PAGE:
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Calabar - Why so clean?

One of 823 women employed to sweep the streets of Calabar for three hours a day. David Hecht/IRIN

Of the many towns and cities on the African continent, Calabar must be one of the cleanest.

“We are proud of the environment in which we live,” said Helen Ewar, a student at the local university. “It is part of our identity.”

She and other people gave a cultural explanation for their high level of hygiene. “Cleaning is not seen as an activity that is beneath us Efek people,” Ewar said, referring to the majority ethnic group in the city.

There are few other explanations. “We don’t spend a lot of money on sanitation,” said Elegance Edim, Executive Secretary of the Calabar Urban Development Association (CUDA) the agency charged with keeping clean this city of 800,000 people.

Neighbouring states in the Niger Delta where cities are far dirtier have bloated budgets from state oil revenue while the budget in Calabar’s Cross River state government is relatively small. It allocates 12 million naira [US $102,209] a year for sanitation in Calabar, Edim said, which includes programs to plant trees and grass in the city and raising awareness on the environment with ‘Keep Calabar beautiful’ signs everywhere in the city. 

Photo: David Hecht/IRIN
Elegance Edim, Executive Secretary of the Calabar Urban Development Association (CUDA)
“We are painfully short of resources and we have huge challenges with one of Africa’s heaviest rainfalls clogging up our storm drains,” he said.

But somehow the system works. Not only does the city look cleaner than most others in Nigeria, but it is also more hygienic. While cholera is common in nearby cities, Edim said it has not occurred in Calabar for years. Other water-borne diseases are also comparatively rare.

The former colonial power had done little to develop Calabar. “It was an important port town for slaving and trade but the British never built a proper water and sewage system here and back then it was actually quite dirty,” Edim said.

“What we have now was built after independence,” he said. “We still don’t have a lot but we try to use what we have wisely,” he said of the Cross River state government, which has a reputation for providing other basic services efficiently.

One resource that is abundant in Calabar is people, Edim said. “Women eager to earn a little cash are willing to take a few hours in the early morning cleaning the streets before going home to get their children ready for school,” he said.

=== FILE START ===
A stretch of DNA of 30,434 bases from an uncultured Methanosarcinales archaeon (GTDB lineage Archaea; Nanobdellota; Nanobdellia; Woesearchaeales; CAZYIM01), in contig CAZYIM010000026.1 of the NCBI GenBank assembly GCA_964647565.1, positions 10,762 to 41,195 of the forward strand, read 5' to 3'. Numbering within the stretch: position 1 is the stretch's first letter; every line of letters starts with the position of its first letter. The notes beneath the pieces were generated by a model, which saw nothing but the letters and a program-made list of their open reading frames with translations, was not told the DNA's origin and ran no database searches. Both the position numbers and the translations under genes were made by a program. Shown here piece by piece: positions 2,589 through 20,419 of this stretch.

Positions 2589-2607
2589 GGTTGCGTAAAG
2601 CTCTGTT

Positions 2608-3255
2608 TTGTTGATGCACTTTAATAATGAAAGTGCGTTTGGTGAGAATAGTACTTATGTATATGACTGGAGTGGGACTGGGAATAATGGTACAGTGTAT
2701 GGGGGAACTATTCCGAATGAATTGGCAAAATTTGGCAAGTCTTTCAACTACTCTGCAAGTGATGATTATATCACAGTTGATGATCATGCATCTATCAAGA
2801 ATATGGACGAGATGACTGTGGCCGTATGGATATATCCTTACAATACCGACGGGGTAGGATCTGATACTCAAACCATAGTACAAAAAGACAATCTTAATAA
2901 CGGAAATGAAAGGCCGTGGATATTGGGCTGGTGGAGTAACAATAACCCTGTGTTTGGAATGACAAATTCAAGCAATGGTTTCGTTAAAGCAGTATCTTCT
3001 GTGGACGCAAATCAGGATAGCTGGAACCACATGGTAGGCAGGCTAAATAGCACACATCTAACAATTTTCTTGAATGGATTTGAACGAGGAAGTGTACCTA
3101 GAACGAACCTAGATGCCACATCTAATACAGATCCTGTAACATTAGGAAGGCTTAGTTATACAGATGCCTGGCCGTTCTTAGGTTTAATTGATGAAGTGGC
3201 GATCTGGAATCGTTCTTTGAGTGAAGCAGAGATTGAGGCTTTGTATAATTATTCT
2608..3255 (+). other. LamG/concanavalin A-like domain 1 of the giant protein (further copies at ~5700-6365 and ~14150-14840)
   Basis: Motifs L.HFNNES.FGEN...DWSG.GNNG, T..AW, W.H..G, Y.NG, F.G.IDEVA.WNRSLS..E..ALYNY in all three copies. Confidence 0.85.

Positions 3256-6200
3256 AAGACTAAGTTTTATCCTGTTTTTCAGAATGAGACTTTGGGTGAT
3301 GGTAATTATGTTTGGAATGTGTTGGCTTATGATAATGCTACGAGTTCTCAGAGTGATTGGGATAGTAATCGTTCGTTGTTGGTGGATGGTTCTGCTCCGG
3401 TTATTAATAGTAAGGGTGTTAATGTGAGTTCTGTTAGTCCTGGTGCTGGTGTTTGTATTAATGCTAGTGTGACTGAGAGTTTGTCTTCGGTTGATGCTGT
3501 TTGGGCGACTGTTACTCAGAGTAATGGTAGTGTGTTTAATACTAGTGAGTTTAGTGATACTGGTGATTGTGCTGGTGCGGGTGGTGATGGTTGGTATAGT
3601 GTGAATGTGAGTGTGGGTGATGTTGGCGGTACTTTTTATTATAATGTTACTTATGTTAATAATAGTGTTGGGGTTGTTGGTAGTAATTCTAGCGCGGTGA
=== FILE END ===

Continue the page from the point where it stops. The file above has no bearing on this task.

Some 823 women are employed to sweep the city’s streets for three hours a day earning around 7,000 naira ($60) a month.

The city also employs around 700 men to clean storm drains, prune trees, cut grass and collect refuge. Litter bins are on almost every corner.

Photo: David Hecht/IRIN
Rubbish bins are everywhere in Calabar
Currently there are only seven garbage trucks which is grossly inadequate, Edim said. “But we keep them well maintained and they’re in the streets every day.”

The biggest problem, like in most African cities, he says, is that Calabar lacks a proper landfill. “We have a place where we dump rubbish but it just gets bigger and bigger and we are worried that it could pollute the water table,” he said.

The city does have 69 health officials who make sure private septic tanks are working properly. The officials are also on the look out for illegal dumping.

The city also has two ‘environmental and sanitation courts’ which strictly enforce laws on dumping and unsanitary housing. “We have two courts to make sure there is no backlog,” Edim said.

But Calabar is not a police state, Edim insists. “We do not punish people for minor littering offences.”

“Rather, we have a culture of cleanliness in which anyone can ask a person who dropped something to pick it up,” he said.


This article was produced by IRIN News while it was part of the United Nations Office for the Coordination of Humanitarian Affairs. Please send queries on copyright or liability to the UN. For more information: https://shop.un.org/rights-permissions

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